Looking for endometriosis during surgery is a little bit like searching for Waldo in a cartoon crowd. Except instead of painstakingly scanning the images of an agoraphobe's worst nightmare for that red and white striped turtleneck, imagine yourself the surgeon--meticulously dissecting an entirely different type of circus or zoo for an entirely different red-white colored culprit.
Endometriosis is the Waldo of the uterus for a number of reasons. For starters, endometriosis comes with a spectrum of symptoms. One woman might complain of horrible menstrual cramps and pain with defecation during her period, and another might not report much pain at all. Studies have also shown that the severity of pain a woman experiences has little correlation with actual surgical findings in endometriosis, so it probably doesn't make much sense to go surgically hunting for endometriosis in the first place.
Endometriosis is also elusive. It's not always in the tubes or on the ovaries, just like Waldo is not always on the merry-go-round or in the lion's cage. If this analogy holds up however, you'll soon understand why doctors sometimes go searching for it in seemingly ridiculous places, like the lungs.
Why in the world would endometriosis turn up in your lungs? For the same reason that Martin Handford would hide Waldo in a lion's cage, I guess--because it/he can. And the lungs aren't the only crazy place doctors have reported finding endometriosis. They've found it in the arm, thigh, diaphragm, pleura, trachea, vagina, and surgical scars, like those from Cesarean sections.
The reason why these abnormal pieces of uterine lining end up in odd, even dangerous places is still a mystery. And it's worth pointing out that most often, endometriosis will "stay put." (Staying put for endometriosis meaning in the tubes, on the ovaries, and surrounding the uterus on the peritoneal and recto-vaginal pouch lining.)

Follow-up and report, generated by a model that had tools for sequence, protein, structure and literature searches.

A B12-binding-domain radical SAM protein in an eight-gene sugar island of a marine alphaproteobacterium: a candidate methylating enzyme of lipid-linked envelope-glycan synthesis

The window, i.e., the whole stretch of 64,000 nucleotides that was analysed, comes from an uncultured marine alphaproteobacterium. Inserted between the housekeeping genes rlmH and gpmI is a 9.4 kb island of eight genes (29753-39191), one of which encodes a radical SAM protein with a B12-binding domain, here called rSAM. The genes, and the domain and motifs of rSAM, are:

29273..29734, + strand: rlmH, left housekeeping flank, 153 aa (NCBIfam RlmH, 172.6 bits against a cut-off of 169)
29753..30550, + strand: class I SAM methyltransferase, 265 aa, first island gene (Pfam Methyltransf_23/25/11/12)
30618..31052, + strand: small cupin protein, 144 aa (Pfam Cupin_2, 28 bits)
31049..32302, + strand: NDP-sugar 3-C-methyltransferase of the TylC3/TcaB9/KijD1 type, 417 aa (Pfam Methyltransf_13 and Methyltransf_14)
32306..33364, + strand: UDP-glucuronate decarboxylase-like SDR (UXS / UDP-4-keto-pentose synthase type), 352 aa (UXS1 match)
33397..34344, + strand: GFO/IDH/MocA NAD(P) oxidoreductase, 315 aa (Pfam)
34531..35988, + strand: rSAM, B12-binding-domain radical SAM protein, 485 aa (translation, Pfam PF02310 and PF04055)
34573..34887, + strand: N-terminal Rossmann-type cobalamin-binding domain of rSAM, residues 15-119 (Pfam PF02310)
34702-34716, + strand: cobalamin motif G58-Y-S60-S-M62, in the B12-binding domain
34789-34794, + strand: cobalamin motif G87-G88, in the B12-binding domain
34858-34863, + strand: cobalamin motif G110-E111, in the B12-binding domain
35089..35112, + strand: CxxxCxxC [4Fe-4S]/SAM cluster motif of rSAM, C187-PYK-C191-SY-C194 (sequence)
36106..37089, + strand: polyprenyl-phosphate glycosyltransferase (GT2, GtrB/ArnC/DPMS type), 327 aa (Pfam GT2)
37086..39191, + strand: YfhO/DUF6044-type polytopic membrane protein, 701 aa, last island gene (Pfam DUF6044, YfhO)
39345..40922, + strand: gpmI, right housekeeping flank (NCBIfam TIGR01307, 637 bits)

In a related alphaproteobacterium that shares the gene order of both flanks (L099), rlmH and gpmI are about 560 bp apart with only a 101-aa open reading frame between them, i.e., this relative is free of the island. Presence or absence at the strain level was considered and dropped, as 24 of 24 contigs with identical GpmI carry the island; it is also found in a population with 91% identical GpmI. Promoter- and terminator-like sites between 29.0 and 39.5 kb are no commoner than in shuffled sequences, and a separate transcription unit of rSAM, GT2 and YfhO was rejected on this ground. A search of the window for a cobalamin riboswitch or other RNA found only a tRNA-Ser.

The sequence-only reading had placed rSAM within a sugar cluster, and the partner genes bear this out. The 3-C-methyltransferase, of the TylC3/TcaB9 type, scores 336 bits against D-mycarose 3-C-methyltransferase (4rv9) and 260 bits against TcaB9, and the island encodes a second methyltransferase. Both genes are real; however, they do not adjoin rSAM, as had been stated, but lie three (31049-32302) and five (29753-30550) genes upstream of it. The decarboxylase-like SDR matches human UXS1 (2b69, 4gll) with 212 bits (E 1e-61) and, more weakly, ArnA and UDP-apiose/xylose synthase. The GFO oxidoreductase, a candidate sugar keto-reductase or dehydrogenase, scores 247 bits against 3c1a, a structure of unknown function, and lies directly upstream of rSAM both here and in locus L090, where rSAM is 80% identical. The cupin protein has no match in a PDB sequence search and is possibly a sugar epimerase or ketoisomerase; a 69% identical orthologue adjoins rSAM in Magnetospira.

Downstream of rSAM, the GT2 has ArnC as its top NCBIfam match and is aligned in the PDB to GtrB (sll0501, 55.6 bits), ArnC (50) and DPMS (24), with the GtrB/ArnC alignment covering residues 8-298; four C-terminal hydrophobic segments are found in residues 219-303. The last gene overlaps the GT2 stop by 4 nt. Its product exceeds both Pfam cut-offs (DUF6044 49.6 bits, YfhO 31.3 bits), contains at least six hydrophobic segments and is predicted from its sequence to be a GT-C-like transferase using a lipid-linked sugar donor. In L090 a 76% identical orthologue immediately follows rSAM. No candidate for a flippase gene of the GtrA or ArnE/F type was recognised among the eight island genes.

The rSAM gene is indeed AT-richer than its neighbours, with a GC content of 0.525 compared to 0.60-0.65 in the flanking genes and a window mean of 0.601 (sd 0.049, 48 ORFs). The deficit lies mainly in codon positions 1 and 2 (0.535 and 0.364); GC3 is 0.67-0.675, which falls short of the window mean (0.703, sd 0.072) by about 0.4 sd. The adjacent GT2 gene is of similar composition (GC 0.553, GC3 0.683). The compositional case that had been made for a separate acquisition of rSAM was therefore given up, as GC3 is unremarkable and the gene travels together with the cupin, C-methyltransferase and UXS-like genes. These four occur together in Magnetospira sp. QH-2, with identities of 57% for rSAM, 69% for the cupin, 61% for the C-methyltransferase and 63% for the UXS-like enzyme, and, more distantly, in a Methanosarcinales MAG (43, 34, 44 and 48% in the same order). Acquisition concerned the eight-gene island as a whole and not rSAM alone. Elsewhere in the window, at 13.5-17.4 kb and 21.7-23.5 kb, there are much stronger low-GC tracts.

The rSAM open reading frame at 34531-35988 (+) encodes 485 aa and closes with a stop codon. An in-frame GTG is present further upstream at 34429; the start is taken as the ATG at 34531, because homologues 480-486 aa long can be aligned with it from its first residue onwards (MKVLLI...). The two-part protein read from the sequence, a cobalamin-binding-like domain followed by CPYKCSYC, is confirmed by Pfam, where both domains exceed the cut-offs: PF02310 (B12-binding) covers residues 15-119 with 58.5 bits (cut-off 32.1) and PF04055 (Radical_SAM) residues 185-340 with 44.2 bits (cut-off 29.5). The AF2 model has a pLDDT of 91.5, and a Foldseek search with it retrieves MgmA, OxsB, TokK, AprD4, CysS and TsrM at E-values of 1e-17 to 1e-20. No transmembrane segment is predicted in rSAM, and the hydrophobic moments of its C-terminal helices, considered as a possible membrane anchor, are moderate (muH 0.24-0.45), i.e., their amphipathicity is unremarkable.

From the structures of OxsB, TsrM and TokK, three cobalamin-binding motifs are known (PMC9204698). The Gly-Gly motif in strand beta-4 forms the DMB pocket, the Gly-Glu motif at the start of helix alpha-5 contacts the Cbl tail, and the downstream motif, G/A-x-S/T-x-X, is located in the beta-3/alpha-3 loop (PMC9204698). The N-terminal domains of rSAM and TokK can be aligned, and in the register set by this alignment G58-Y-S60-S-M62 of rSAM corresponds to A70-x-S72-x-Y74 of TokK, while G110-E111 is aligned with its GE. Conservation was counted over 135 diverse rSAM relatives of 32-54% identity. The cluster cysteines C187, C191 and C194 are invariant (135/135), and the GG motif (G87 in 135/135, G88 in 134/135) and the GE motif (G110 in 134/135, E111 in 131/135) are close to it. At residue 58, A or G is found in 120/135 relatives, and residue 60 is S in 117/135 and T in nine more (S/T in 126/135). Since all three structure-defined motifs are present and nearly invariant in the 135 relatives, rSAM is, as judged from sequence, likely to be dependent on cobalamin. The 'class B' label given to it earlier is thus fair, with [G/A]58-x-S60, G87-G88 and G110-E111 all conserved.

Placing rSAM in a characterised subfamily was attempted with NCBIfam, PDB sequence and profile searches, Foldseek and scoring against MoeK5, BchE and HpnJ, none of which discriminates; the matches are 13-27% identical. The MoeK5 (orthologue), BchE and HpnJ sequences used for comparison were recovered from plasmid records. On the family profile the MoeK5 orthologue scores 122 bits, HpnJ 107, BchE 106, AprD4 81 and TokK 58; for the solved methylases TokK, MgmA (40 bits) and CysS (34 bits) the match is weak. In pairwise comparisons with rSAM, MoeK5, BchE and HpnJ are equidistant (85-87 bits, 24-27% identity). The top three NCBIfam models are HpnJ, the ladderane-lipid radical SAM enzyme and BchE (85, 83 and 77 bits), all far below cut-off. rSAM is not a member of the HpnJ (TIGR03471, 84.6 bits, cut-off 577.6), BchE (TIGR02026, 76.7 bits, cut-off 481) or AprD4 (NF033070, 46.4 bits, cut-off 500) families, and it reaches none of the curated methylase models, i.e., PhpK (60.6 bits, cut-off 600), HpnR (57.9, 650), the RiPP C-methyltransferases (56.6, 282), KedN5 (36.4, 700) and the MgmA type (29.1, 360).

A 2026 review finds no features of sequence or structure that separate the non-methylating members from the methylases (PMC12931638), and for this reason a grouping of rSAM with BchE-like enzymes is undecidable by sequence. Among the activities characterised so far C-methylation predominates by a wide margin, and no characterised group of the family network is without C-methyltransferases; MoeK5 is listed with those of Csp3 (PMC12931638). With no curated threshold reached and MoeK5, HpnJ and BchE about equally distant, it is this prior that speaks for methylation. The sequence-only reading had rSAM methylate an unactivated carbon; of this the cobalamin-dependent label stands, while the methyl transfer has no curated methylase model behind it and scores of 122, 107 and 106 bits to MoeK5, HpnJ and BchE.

Some of the theories of uterine tissue travel include: retrograde menstruation (or trans-tubal travel) where the lining migrates backwards into the tubes and towards the ovaries instead of going out the vagina as a period; an immune system problem that contributes to extra-uterine deposits; spread through the blood and/or lymphatics systems; genetic predisposition; and surgical transplantation.
The last theory might explain the rare occurrence where pockets of endometrial tissue are found in scars from C-sections, episiotomies, and appendectomies even. Surgical scar endometriomas, as they are called, are thought to occur when abnormal uterine tissue comes into direct contact with and implants onto normal healing tissue. According to several case report studies, they are extremely rare and easily remedied by surgically removing the transplanted pocket of tissue.
In medicine, there's a saying, "Don't go zebra hunting," which means if something is wrong, the answer is most likely a common diagnosis and not some crazy or rare disease. The same is true for endometriosis. If you have it, it's most likely going to be in the common places like the tubes and ovaries, despite what years of candy-cane striped sleuthing have taught you.
Lee CH, et all. Thoracic Endometriomas: rare presentation as a solitary pulmonary nodule with eccentric cavitations. Thorax 2009;64:919-920 doi:10.1136/thx.2008.111294
Watanabe M, et al. Surgical Scar Endometrioma. Surg Gynecol Obstet. 1993 Sep;177(3):243-6.